By: Alex Bernstein
I’m on his shoulders. We’re at the beach. Playing in sawdust. Smiling in the ambiance of sweet nectarine sounds. Lapping on orange jungle gyms, in Batesville offices, and on spinning chairs. Sidelines at little league games with his white hat.
I searched through old files, cooped in the back of the garage – numbers, organized by month and year, bills dating back to 1987, investment strategies, baby books, and more pictures.
In the bushes on Summerville.
The car not parallel, door wide open, and still running,
I lost my glasses this morning…and I… I thought… I…what am I trying to say.
Bright blue eyes and marble haze.
We didn’t say anything. I parked my car,
then parked his while he curdled on the curb.
A week later, the DMV took his license away. No more chop shop strip-downs. No tire and oil changes. No car control. He never left the house. He ceased to exhibit affection for my mother. He gently became like a child, gazing at the sun with handfuls of grass.
My father wakes up to spend hours in the garden. He grooms and caresses his daisies, the apple tree, the ruffled pink petals of lilacs in bloom, the willow’s leafy arch. He tends to their needs. I invited him to a movie, once. He declined because he saw overgrown shrubs in the garden.
Standing still, I watch from the windowsill.
I see him trim our trees for summer.
Ornamented branches with a Taoist finesse.
Pods and stems reaching with rejuvenation.
My mother tells me about him. How he built a house in Vermont. How he cared unconditionally. How he led an investment-banking association on the weekends.
She told me.
In the corner, he sits in a bright Santa Clause hat on Christmas morning
China dolls in wrapping paper.
Mother’s red nightgown.
Blue checkered white pajama bottoms. Mine.
I know inside, he cares
but doesn’t remember.
I search for moments and memories and glimpses of a past that once moved me. It’s always a constant search to return to that moment, to that pristine sensation, and the fact that it’s so difficult to discover what my mind has no recollection of is an awful feeling.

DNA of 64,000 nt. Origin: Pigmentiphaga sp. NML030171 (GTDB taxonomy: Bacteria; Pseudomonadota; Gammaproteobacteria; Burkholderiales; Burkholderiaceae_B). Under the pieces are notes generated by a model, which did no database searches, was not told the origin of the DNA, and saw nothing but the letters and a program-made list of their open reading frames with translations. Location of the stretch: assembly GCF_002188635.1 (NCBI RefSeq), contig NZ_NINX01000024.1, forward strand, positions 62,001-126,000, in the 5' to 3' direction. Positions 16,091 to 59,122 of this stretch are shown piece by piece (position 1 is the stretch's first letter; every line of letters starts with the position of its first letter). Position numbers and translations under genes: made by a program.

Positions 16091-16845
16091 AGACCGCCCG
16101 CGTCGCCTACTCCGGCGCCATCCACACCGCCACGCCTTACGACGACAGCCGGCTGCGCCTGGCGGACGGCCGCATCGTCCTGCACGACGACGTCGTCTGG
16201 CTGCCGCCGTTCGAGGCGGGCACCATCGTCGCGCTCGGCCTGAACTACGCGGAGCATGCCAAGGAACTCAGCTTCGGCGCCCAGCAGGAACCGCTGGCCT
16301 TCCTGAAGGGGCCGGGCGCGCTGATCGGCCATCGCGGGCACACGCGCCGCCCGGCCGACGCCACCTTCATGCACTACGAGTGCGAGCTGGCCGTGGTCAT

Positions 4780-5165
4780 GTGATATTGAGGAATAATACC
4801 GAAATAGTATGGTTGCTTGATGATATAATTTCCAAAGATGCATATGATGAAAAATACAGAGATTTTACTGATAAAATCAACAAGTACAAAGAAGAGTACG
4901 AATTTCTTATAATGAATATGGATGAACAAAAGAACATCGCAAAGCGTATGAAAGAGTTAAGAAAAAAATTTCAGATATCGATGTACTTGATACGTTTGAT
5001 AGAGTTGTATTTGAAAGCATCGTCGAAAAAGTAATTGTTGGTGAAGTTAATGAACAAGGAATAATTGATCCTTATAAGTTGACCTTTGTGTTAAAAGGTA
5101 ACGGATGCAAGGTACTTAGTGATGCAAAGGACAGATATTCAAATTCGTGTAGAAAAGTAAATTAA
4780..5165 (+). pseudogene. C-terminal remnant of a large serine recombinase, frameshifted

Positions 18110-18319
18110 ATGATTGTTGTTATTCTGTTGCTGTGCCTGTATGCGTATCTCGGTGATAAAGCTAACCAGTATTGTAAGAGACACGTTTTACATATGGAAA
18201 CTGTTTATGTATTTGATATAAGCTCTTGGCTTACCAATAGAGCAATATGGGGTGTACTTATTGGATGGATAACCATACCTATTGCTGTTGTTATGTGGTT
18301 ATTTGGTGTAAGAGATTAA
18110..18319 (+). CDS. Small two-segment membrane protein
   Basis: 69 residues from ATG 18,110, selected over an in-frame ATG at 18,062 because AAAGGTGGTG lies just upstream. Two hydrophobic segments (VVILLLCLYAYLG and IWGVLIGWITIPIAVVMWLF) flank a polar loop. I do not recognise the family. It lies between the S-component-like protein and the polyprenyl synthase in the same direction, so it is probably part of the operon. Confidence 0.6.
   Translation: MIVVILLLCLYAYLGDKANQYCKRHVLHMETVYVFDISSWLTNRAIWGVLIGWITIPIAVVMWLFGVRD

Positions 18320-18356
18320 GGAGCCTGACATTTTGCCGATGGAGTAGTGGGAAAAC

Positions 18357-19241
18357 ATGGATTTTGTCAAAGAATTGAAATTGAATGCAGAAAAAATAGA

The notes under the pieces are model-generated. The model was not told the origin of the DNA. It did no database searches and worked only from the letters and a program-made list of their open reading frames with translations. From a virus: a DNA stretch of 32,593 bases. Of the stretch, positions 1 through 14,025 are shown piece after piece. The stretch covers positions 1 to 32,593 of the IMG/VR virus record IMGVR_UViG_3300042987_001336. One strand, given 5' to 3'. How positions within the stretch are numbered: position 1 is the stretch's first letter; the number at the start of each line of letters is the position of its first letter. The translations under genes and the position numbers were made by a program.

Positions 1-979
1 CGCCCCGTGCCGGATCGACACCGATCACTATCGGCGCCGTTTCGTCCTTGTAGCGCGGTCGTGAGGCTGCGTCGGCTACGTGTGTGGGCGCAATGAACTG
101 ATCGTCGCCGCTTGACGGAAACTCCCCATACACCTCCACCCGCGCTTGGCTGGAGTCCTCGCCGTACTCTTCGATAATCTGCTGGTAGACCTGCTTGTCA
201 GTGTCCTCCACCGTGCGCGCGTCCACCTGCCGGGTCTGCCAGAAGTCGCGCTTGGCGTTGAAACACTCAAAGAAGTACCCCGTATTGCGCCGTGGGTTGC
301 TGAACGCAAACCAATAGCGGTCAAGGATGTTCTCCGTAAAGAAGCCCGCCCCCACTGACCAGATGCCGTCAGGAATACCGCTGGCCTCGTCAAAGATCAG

Only photographs of jungle gyms and sidelines.
Memories under a sycamore shade.
I see my father,
the white troubadour,
a simple daisy in the garden,
blooming in a pool of grace,
with fresh breath,
and I can do nothing but melt
like the pane of glass over a whisky fire.
Frustration in my father ripples through the crevices of me, the cracks that run through the pores of my mother’s skin, the grout that lines the tile floor in our kitchen, where Italian recipes books—spaghetti, meatballs, chicken parmesan—are piled high on the counter top.
There is no conversation between us,
the dinner table—silent,
he doesn’t speak much anymore,
mother’s fed up with trying to fill in his sentences.
Handfuls of grass. A twisting warmth—the mix of emotions, the push and pull of clashing ironies. His inability to function in a fast-paced society. His fresh and organic view in and of the garden.
His song swirls me humbly,
shows me a deeper sense of meaning—
peace singed souls in the eternal emptiness of a starry, starry night.
I sometimes split into a shadow—
a hasty attempt to classify myself
apart of the convention,
Then—there is the illumination of his ambiance, of the glowing sounds that resonate from the center most part of his chest, while keeping him, us, in the fading confusion. The gray days behind him, the bright ones ahead of me, and our love, unknown, spiraling like vortexes upon mountaintops, compassionately a struggle.
I am the arch of the willow tree.
Mossy overhangs. Tears. Inexplicable warmth.
A shrub his lyre hangs from.
The garden, a cultivation of simplicity, is the present tune.
A myriad image of him glimmering in wind, standing over roses and pink lilacs.
The daisies reaching up to his opal hands.